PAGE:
Papua New Guinea's opposition has tabled another parliamentary motion of no confidence against Prime minister James Marape.
It's an amended version of a motion filed last November which threw national politics into disarray for weeks.
The opposition has listed Ialibu-Pangia MP and former prime minister Peter O'Neill as nominee to replace Mr Marape.
This comes after the National Alliance party leader, Patrick Pruaitch who was the opposition's initial nominee, moved to the government.
The motion has to be approved by parliament's private business committee before proceeding to a confidence vote.
Last December, parliament adjourned before the opposition's planned motion of no confidence against Marape could be tabled.
The previous month, mass defections from Marape's coalition government had left him without a majority. However following weeks of political unrest, Marape regained the support of a majority of MPs before having parliamrnt adjourned to this week.
While it's unclear whether the opposition has now lured back the numbers to successfully move a motion against the prime minister, O'Neill said it was about holding the government to account.
Speaking at a press conference following today's parliament proceedsing, opposition leader Belden Namah said it was important for people to know the reasons for the motion.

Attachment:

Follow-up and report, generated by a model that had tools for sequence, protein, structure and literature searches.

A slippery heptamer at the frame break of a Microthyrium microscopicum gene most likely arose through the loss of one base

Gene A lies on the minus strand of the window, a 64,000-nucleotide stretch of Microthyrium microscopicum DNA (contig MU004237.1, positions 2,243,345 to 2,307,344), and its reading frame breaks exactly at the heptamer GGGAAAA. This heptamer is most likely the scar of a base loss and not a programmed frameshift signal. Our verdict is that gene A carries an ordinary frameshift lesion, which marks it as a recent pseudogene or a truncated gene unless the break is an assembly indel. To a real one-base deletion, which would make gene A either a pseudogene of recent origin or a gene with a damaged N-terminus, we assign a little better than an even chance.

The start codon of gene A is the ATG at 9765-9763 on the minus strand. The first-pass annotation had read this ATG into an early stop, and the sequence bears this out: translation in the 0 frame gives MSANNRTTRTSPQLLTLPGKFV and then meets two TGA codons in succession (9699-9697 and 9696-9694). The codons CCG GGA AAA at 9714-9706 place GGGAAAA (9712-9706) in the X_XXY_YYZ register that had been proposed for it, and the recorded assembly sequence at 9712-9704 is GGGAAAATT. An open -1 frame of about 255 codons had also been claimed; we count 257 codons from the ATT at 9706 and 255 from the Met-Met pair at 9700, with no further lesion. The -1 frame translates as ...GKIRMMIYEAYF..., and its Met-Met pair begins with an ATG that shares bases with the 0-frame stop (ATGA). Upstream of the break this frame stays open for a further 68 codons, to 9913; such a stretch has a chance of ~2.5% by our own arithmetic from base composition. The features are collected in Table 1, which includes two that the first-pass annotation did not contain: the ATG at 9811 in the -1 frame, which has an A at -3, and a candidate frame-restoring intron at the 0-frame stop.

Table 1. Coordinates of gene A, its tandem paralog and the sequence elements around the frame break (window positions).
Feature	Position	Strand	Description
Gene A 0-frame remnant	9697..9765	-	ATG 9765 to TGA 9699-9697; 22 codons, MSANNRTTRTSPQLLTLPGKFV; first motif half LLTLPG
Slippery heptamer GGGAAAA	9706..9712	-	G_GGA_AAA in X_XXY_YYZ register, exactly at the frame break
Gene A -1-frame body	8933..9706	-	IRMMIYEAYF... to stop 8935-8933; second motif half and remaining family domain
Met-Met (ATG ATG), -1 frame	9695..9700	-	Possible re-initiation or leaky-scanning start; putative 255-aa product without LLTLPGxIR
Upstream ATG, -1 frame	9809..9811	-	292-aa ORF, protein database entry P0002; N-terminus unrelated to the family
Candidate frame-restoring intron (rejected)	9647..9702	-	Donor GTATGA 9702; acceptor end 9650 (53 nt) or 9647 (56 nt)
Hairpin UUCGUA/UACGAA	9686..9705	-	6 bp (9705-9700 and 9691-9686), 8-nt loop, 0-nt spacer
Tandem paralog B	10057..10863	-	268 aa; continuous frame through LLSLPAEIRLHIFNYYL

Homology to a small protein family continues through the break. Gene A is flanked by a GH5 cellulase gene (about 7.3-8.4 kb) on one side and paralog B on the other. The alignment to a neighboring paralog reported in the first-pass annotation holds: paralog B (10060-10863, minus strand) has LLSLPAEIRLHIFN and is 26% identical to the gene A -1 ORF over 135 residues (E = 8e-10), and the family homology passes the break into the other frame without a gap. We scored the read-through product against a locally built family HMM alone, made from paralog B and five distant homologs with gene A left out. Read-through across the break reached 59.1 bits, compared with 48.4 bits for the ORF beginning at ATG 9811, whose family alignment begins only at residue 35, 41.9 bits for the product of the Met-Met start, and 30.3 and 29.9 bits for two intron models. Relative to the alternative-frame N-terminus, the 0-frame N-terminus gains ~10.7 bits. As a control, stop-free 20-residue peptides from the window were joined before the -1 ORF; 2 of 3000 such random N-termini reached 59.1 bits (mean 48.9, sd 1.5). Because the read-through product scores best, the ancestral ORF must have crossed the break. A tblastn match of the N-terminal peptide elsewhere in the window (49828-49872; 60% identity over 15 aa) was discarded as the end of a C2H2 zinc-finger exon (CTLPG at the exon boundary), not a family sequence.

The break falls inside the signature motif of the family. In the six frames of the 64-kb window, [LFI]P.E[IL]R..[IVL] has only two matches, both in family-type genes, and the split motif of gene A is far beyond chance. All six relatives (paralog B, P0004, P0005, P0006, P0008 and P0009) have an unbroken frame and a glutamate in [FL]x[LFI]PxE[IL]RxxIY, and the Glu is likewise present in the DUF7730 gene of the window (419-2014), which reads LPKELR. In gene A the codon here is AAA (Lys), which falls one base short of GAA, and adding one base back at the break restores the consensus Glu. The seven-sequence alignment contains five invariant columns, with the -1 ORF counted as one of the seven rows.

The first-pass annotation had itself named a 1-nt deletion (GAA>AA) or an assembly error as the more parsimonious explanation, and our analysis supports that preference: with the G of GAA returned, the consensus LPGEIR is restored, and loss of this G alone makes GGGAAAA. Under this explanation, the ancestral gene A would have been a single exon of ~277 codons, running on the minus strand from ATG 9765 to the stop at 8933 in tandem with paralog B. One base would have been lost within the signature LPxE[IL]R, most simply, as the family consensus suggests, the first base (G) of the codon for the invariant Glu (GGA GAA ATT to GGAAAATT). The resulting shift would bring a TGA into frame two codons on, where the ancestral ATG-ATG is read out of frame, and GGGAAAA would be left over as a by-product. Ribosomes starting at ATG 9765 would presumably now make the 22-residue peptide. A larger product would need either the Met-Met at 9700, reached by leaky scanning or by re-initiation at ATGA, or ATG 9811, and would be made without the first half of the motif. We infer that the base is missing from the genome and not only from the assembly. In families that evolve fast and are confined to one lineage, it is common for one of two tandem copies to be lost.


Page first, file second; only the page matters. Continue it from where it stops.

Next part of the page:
"You might be asking: Why a motion of no confidence at a time when the country is gripped by a global health pandemic, when the economy is in negative growth, when our people's jobs and businesses are disappearing and with a national general election just 15 months away?
"Our answer is this: it is precisely because of the reasons above that we move this motion," Namah said.
Criticising Marape's handling of the economy, job shortages and the worsening Covid-19 outbreak in the country, Namah said Marape "must go before he runs this country to the ground".
Namah said O'Neill was PNG's immediate past prime minister and needed no introduction.
"We have every confidence he can stabilise the nation and its economy before the national general elections."